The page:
About a year ago, a statue of Sgt. Reckless was unveiled at Camp Pendleton. Photo: Courtesy of the U.S. Marine Corps
About a year ago, a statue of Sgt. Reckless was unveiled at Camp Pendleton. Photo: Courtesy of the U.S. Marine Corps

By Rhonda deHaan

In the last issue of The Dispatch, columnist Jan Siegel mentioned that this year is Camp Pendleton’s 75th anniversary.

In honor of the occasion and our local WWII heroes, the San Juan Capistrano Historical Society is hosting a dinner and movie premiere of Bob Kline’s Pendleton at 75: The History of Camp Pendleton on Monday, Sept. 25, from 6:30-9:30 p.m. at the historic El Adobe de Capistrano.

There is another anniversary and military hero I’d like to tell you about. The old photo featured was taken of a special horse named Reckless. Reckless served with the Marines during the Korean War.

The story goes that in 1952, Lt. Eric Pederson bought the horse from a young Korean boy in Seoul for $250. Soon after, she was trained to carry ammunition for a Recoilless Rifle platoon in the 5th Marines.

But it was in 1953 that Reckless proved she was a true Marine. In March, the Chinese launched an attack that resulted in one of the fiercest battles in Marine history: the Battle for Outpost Vegas.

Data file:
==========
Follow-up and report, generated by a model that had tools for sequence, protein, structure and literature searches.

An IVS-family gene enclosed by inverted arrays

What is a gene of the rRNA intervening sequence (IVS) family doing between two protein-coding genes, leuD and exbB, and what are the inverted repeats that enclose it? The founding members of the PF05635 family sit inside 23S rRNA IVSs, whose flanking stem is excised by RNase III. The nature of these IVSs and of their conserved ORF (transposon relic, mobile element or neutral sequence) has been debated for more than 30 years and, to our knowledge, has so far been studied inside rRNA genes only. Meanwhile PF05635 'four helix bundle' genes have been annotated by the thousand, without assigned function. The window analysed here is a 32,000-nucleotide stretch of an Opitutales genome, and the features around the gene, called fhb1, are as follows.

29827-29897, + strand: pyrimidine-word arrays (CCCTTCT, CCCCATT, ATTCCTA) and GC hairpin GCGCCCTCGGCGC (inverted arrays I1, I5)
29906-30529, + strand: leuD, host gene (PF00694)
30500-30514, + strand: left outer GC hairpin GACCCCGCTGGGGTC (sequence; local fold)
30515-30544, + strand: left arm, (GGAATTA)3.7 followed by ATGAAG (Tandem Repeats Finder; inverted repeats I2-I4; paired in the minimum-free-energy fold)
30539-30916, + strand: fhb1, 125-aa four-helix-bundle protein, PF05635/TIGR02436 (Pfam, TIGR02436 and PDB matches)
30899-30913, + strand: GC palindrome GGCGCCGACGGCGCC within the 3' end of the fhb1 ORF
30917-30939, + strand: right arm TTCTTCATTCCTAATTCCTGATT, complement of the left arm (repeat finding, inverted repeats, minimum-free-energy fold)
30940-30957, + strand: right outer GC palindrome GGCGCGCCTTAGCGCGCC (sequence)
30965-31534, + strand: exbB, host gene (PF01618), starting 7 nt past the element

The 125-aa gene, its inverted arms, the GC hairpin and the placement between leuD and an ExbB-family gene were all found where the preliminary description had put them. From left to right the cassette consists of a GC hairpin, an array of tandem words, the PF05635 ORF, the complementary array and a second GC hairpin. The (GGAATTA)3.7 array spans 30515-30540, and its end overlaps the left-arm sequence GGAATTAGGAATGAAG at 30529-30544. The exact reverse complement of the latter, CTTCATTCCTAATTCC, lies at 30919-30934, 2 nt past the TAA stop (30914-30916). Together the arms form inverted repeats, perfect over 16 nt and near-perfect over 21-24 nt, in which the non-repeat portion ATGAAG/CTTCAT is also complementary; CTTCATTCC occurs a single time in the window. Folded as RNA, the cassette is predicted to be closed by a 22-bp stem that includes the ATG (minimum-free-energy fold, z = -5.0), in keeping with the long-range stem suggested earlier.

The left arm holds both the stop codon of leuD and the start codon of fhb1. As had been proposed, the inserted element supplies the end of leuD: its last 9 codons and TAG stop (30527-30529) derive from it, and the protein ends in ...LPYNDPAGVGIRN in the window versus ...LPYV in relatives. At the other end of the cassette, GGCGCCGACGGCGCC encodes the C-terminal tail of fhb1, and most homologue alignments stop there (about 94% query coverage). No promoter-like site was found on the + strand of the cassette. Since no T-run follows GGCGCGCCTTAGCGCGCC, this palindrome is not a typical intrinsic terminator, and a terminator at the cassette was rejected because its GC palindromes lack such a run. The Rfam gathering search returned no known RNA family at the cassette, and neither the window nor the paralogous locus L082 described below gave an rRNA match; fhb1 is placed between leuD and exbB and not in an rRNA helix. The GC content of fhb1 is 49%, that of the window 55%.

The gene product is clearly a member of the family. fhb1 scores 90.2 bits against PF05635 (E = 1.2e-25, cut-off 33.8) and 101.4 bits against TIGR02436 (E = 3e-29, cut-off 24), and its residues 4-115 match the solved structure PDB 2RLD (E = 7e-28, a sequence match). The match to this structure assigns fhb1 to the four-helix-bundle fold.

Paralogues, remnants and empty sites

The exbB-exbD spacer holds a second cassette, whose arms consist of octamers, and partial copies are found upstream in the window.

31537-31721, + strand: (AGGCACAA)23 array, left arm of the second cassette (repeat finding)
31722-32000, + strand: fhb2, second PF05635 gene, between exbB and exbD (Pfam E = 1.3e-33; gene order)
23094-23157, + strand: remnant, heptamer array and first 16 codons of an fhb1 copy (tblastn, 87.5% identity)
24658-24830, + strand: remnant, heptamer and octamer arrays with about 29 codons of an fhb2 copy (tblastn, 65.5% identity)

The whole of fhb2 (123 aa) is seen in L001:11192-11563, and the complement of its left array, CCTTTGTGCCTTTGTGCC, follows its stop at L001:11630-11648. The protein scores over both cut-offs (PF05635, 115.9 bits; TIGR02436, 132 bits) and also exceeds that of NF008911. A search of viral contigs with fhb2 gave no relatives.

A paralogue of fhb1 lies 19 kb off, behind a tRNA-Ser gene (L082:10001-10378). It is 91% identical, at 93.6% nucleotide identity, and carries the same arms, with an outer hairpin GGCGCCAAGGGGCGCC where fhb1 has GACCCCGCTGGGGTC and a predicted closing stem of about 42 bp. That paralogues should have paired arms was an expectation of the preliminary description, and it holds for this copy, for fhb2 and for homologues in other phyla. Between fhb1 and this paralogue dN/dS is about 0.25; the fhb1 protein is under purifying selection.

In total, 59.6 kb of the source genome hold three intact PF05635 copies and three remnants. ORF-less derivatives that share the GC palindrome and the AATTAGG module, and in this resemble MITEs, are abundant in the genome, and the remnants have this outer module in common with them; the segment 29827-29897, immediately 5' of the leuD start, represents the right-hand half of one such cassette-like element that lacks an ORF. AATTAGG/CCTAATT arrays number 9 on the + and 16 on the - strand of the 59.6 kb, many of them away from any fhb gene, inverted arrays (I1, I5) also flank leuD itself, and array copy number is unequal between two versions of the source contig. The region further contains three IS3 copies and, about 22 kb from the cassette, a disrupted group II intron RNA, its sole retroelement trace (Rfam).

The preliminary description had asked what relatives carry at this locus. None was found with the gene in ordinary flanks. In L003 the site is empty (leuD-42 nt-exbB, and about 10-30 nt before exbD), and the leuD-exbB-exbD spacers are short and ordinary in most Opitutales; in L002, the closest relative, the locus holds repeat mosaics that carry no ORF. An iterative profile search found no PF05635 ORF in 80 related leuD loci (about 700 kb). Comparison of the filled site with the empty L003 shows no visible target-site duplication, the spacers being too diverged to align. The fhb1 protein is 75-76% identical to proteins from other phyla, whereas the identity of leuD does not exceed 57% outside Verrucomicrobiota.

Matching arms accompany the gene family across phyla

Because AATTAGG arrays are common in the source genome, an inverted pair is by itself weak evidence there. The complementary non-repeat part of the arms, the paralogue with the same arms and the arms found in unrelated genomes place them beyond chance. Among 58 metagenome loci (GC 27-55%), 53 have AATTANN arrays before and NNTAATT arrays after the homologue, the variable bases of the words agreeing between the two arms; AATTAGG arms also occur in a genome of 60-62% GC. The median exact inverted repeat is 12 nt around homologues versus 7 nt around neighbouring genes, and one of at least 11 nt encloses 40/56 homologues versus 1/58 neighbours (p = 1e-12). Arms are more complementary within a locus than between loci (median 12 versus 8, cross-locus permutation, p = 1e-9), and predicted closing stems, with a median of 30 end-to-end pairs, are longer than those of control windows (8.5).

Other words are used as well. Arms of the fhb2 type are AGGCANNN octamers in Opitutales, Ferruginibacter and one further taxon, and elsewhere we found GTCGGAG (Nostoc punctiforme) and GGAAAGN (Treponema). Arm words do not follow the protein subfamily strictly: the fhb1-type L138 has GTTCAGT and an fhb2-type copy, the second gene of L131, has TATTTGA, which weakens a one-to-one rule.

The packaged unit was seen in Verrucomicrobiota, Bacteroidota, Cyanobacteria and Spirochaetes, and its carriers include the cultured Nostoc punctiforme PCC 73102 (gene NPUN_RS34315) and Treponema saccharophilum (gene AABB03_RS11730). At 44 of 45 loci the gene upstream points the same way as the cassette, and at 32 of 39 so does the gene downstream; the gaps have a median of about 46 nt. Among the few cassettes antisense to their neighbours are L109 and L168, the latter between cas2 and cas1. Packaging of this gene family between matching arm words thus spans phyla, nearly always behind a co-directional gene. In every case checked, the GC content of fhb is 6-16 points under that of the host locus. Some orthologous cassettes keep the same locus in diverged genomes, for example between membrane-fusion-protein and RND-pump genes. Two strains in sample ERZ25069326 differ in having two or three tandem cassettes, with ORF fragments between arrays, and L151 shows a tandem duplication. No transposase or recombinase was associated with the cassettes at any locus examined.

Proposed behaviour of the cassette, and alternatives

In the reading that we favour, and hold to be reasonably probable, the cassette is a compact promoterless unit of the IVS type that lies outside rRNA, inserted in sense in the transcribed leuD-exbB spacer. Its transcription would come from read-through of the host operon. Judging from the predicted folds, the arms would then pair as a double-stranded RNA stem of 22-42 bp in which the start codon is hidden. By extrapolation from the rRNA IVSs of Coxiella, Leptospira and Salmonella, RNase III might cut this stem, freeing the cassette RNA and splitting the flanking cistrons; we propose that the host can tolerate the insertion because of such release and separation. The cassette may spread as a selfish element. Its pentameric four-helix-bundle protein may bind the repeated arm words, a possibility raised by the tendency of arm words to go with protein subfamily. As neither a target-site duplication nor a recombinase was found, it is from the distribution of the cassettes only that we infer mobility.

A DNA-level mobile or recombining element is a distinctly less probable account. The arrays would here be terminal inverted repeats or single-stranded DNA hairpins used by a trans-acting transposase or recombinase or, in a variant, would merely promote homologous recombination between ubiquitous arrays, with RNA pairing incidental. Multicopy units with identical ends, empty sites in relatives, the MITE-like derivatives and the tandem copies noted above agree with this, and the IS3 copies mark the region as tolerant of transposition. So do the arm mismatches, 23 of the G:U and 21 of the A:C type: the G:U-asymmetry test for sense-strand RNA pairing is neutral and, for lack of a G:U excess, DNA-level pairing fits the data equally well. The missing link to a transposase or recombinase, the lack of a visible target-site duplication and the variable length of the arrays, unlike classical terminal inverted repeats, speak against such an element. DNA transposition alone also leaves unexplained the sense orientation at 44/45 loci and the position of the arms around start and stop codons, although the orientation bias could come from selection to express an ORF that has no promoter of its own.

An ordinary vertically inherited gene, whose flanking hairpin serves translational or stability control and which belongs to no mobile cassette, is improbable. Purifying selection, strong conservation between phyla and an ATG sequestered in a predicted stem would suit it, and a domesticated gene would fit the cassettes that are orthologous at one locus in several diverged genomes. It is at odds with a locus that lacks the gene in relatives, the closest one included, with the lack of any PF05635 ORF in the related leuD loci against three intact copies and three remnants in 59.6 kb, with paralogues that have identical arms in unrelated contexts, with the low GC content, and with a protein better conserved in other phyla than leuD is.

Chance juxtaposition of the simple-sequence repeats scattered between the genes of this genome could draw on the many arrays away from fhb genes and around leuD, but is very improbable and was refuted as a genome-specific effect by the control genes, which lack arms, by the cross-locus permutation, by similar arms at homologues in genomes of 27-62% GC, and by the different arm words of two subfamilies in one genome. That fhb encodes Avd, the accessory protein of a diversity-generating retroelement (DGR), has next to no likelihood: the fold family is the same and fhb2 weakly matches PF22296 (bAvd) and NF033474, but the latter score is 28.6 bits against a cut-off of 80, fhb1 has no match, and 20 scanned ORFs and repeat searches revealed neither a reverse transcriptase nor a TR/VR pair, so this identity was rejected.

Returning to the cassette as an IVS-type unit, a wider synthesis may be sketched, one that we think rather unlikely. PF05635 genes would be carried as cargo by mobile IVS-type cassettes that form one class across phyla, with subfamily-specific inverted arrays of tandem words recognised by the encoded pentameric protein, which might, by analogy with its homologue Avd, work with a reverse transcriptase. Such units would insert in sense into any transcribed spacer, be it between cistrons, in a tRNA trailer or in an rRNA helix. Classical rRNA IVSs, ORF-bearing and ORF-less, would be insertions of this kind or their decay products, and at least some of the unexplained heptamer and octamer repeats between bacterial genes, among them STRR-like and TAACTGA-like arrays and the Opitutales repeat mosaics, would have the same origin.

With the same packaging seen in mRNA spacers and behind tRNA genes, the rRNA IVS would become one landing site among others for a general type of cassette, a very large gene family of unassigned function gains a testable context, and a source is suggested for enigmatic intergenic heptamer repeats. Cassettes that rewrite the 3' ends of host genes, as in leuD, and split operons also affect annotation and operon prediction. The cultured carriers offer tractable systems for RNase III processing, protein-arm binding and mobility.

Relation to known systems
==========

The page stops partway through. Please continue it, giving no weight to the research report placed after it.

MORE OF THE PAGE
The battle went on for five days. In one day alone, Reckless carried nearly five tons of ammunition over treacherous terrain, making 51 trips over 35 miles through heavy enemy fire. Although wounded twice, she continued transporting munitions and wounded Marines up and down the steep slopes.

Many owed their lives to that spunky little horse, and she was beloved by all. Some say an angel watched over Reckless that day, and stories of her bravery spread far and wide. She was awarded the Purple Heart, promoted to sergeant and, at the end of the war, she came to Camp Pendleton with her division.

Reckless stayed at Camp Pendleton, and when she passed away in 1968, she was buried there. Nearly a year ago, a life-sized bronze statue of Reckless was unveiled at the base as a tribute to a true Marine hero.

Rhonda deHaan is a resident of San Juan Capistrano who enjoys sharing fun photographic finds as she continues to learn more about this unique town. She is a proud mother of two, a freelance writer, and a member of the SJC Friends of the Library and San Juan Capistrano Historical Society Board of Directors. She is serving her fourth term as a member of the city’s Cultural Heritage Commission.

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